SINGAPORE: A Singaporean man who operated an unlicensed moneylending business in Thailand that targeted debtors here was caught at Changi Airport on Feb 13, 2018, and charged two days later.
Lua Xiang Long was released on bail of S$30,000 and was supposed to return to the State Courts on March 20, 2018.
Instead, he boarded a fishing boat and left for Malaysia without his passport, before making his way back to Thailand.
But on April 24, 2023, Lua surrendered to the Thai authorities, as he felt lonely and missed his mother.
He was sent back to Singapore the next day.
On Nov 28, the 34-year-old was sentenced to two years and seven months’ jail after he pleaded guilty to offences including multiple charges under the Moneylenders Act.
He was also fined $60,000 and will have to spend an additional 12 weeks behind bars if he is unable to fork out the amount.
Lua joined the illegal moneylending business in Thailand after he got to know a man known as Elvis in Bangkok in February 2017. Elvis offered him a job as an assistant “Ah Long” or loan shark in his unlicensed moneylending business.
Lua accepted the offer and started working for Elvis the following month.
Deputy Public Prosecutor Delicia Tan said that Lua received a monthly basic salary of $1,000 and free lodging, as well as free meals and drinks at pubs.
He mainly assisted Elvis in calling and soliciting potential borrowers. Lua was also given a laptop with a database containing Singapore mobile numbers.
After calling the numbers, Lua, who was aware that he was working for a syndicate, was given a new list with more than 1,000 contact numbers.
If any of those contacted wished to borrow money, he would direct them to Elvis for a briefing on the loan conditions.
Around July 2017, Lua was promoted to be an “Ah Long”. The syndicate also handed him $30,000 as capital for his moneylending business. He continued to receive a monthly salary of $1,000.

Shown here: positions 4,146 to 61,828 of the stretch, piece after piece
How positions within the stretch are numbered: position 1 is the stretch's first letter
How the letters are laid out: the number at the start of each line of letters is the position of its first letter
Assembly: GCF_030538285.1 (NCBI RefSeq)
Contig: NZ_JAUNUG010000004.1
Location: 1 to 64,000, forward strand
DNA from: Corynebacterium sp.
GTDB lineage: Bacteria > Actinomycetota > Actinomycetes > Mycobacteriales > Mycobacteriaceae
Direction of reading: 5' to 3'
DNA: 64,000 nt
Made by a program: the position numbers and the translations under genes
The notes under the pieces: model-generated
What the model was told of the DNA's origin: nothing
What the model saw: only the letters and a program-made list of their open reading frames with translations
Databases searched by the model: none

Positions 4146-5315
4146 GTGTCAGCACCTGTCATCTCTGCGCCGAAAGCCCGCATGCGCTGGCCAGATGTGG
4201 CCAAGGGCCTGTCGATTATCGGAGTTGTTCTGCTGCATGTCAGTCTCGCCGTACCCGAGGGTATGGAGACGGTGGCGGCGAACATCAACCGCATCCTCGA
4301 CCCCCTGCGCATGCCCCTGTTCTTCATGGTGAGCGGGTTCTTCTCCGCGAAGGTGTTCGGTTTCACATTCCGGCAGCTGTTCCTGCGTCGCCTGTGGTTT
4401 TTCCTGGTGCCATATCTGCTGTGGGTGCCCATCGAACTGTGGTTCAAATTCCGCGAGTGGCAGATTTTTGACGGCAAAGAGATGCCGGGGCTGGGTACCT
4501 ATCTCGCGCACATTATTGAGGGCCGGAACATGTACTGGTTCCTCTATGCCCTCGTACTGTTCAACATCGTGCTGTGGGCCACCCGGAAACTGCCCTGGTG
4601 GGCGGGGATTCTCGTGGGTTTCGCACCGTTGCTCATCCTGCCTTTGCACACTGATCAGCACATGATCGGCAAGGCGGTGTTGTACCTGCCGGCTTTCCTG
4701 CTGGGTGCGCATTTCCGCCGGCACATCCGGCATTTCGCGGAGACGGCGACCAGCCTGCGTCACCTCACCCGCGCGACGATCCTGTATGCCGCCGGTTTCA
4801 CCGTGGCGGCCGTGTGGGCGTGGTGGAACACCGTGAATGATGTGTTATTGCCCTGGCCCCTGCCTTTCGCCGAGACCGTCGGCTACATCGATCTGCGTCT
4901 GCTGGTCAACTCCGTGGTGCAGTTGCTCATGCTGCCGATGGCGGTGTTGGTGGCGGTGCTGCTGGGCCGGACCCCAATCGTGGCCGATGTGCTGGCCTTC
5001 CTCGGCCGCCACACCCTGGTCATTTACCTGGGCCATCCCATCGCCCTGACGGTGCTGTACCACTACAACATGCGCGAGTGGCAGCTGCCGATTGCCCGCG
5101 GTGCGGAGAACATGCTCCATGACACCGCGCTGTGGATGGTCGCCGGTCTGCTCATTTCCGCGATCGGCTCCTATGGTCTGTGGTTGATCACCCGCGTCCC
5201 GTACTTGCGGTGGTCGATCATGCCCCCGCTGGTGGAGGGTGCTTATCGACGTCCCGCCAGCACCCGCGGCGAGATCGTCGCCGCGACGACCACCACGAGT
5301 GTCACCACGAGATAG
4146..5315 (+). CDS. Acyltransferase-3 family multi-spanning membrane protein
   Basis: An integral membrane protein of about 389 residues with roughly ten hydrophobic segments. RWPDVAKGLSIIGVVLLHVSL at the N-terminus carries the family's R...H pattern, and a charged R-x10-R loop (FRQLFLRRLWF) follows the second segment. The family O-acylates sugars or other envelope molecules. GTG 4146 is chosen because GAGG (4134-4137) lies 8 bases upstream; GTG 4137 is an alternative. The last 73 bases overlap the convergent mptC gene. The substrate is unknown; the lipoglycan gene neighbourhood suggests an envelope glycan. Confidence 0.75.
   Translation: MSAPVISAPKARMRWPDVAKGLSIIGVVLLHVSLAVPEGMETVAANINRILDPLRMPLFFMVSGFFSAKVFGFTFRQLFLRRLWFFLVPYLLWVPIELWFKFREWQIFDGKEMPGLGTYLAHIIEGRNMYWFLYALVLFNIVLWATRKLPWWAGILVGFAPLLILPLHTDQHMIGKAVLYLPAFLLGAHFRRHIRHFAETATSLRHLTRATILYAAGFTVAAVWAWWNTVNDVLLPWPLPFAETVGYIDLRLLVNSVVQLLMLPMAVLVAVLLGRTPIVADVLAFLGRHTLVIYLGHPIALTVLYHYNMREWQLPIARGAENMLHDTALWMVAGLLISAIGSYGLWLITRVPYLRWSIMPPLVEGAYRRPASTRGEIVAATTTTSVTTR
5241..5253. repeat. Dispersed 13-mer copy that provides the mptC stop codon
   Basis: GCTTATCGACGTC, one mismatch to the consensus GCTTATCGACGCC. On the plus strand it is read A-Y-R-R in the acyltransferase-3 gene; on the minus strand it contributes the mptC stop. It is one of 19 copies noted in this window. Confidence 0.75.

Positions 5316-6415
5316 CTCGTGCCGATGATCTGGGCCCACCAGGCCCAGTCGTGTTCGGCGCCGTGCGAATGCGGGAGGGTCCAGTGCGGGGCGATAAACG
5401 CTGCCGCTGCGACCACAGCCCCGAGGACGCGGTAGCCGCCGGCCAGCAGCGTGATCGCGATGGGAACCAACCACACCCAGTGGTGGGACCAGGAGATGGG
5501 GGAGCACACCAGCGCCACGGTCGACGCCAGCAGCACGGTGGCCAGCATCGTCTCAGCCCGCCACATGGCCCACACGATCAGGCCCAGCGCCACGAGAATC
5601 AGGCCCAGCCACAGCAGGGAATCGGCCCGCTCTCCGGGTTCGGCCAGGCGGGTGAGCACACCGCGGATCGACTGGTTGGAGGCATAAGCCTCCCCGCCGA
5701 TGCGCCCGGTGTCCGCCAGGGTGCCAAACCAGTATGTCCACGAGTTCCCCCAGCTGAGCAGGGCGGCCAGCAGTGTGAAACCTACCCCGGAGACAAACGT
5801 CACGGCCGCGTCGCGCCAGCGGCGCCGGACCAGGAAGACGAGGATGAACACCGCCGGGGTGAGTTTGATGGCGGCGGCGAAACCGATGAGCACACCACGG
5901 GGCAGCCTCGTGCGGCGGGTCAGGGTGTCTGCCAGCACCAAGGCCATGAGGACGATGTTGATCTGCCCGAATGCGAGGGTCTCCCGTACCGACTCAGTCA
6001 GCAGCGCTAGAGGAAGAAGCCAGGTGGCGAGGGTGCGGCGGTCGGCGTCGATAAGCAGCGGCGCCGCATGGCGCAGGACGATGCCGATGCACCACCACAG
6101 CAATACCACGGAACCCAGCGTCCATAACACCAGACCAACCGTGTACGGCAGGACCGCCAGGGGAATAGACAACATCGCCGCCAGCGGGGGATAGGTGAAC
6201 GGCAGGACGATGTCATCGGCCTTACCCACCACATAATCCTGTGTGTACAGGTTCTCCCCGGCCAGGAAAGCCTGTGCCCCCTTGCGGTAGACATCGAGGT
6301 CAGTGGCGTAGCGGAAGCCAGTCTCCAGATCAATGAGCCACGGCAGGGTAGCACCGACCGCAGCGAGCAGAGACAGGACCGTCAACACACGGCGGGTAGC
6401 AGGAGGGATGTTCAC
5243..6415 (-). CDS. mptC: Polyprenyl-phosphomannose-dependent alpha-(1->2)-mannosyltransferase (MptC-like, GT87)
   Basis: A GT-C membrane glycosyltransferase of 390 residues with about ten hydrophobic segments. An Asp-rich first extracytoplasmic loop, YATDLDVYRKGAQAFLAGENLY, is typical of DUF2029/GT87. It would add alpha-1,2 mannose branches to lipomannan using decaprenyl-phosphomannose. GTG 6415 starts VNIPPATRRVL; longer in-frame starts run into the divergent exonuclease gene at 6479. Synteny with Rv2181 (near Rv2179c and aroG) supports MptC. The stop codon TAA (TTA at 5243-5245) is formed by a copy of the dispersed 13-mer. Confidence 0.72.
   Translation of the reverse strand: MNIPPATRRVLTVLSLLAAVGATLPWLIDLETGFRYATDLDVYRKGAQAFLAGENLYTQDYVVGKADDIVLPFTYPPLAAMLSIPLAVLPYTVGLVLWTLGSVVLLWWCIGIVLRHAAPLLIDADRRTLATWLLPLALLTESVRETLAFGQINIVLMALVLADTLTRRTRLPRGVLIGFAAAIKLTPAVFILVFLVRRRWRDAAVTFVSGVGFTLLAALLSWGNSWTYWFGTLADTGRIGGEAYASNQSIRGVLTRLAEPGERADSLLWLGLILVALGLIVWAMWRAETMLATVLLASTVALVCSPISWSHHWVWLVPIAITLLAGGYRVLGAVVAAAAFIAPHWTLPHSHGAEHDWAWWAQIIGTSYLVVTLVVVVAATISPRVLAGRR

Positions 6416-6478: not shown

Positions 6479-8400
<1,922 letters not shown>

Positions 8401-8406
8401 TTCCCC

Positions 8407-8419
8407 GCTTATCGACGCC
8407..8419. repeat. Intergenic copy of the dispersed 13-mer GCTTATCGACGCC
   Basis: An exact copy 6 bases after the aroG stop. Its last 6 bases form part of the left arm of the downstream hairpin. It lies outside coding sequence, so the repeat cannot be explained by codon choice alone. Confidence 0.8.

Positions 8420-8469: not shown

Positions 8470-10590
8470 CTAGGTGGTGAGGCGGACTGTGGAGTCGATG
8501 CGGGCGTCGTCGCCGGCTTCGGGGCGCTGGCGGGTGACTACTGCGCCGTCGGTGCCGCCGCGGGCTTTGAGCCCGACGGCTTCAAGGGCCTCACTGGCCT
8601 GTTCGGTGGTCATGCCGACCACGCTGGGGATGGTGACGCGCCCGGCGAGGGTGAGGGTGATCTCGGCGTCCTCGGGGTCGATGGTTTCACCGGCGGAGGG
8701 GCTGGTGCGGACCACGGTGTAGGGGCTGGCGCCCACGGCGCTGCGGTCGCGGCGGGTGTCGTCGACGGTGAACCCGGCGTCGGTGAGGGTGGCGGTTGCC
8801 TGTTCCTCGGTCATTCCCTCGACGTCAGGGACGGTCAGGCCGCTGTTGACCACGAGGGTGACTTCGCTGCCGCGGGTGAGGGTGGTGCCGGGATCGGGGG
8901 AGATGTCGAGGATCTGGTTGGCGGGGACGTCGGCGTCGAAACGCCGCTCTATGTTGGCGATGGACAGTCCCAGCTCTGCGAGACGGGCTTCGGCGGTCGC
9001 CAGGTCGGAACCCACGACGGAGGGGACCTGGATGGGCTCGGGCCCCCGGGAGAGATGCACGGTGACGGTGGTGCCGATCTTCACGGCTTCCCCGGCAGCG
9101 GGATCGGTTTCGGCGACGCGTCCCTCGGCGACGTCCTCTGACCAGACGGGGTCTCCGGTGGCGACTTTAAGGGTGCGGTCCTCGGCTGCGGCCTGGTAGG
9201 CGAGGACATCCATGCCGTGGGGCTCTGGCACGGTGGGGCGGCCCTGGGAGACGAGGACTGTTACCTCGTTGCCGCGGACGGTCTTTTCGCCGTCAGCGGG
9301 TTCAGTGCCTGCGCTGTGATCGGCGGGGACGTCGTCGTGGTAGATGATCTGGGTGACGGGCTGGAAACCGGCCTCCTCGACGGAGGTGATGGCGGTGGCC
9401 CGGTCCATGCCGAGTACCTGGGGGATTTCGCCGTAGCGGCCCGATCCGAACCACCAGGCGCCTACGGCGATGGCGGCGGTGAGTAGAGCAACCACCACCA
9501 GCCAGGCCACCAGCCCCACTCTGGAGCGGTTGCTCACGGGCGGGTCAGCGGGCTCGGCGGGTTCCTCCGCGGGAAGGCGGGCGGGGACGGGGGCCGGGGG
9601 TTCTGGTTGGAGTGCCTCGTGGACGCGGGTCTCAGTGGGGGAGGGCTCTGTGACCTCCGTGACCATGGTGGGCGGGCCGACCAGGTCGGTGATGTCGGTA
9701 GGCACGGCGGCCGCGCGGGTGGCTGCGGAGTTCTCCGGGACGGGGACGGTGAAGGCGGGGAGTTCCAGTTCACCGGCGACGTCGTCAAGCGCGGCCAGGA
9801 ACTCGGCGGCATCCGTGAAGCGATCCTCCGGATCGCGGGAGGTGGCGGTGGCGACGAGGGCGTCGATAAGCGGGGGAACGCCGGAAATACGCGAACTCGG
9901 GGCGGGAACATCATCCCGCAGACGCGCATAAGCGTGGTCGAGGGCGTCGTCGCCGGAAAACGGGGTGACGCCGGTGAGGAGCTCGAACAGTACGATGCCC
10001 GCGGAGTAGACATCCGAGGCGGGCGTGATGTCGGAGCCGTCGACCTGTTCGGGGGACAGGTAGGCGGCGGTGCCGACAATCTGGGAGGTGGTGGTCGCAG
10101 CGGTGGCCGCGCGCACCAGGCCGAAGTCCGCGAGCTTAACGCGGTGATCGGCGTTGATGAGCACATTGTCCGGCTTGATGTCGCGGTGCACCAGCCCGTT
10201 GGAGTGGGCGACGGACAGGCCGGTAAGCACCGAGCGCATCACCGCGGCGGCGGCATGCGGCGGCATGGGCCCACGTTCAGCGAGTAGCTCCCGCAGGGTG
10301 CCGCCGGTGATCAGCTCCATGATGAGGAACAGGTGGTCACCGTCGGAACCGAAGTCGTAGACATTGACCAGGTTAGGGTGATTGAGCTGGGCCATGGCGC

After recouping the $30,000 capital in October 2017, he started receiving additional profits of 30 per cent from the syndicate.
As part of the loan conditions, debtors had to pay interest rates that generally ranged from 20 per cent to over 30 per cent of the principal amounts.
Payments for the interests had to be made on a weekly basis until the principal loan amounts were repaid. Failure to service the weekly repayments would lead to the outstanding amounts being doubled.
Once the borrowers agreed to the conditions, they would have to provide Lua with items including pictures of their identity cards and the contact numbers of their family members.
Upon approval of the loans, Lua would hand the borrowers’ bank account details to Elvis and the money would be transferred.
For borrowers who faced difficulties servicing their repayments and were difficult to handle, Lua would carry out acts including harassing their employers and family members via phone calls.
If the debtors still refused to pay up, Elvis would inform the other members of the syndicate, who would engage people to harass the borrowers’ families in Singapore.
On Feb 13, 2018, Lua returned to Singapore to celebrate Chinese New Year and was arrested at Changi Airport. At that time, he had about 30 borrowers in Singapore.
He was charged two days later. While out on bail, Lua met an unnamed man at the Republic of Singapore Yacht Club in March 2018, boarded a fishing boat and arrived in Malaysia without his passport.
He later travelled more than 10 hours via train towards northern Malaysia and met an unnamed person.
DPP Tan said: “The accused and that person rode a motorcycle through the immigration checkpoints of
Malaysia and Thailand with the accused as a pillion rider. They were not stopped at any of the checkpoints.”
Lua then took a 22-hour-long bus ride from Dannok in southern Thailand to Bangkok where he met his girlfriend.
The couple broke up in February 2023, and Lua decided to return to Singapore two months later.
He was represented by lawyer S. S. Dhillon, who pleaded for his client to be given two years and four months’ jail and a fine of $60,000.
The lawyer from Dhillon & Panoo law firm told the court that Lua was remorseful, and had committed the offences as he was facing financial difficulties at the time. - The Straits Times/ANN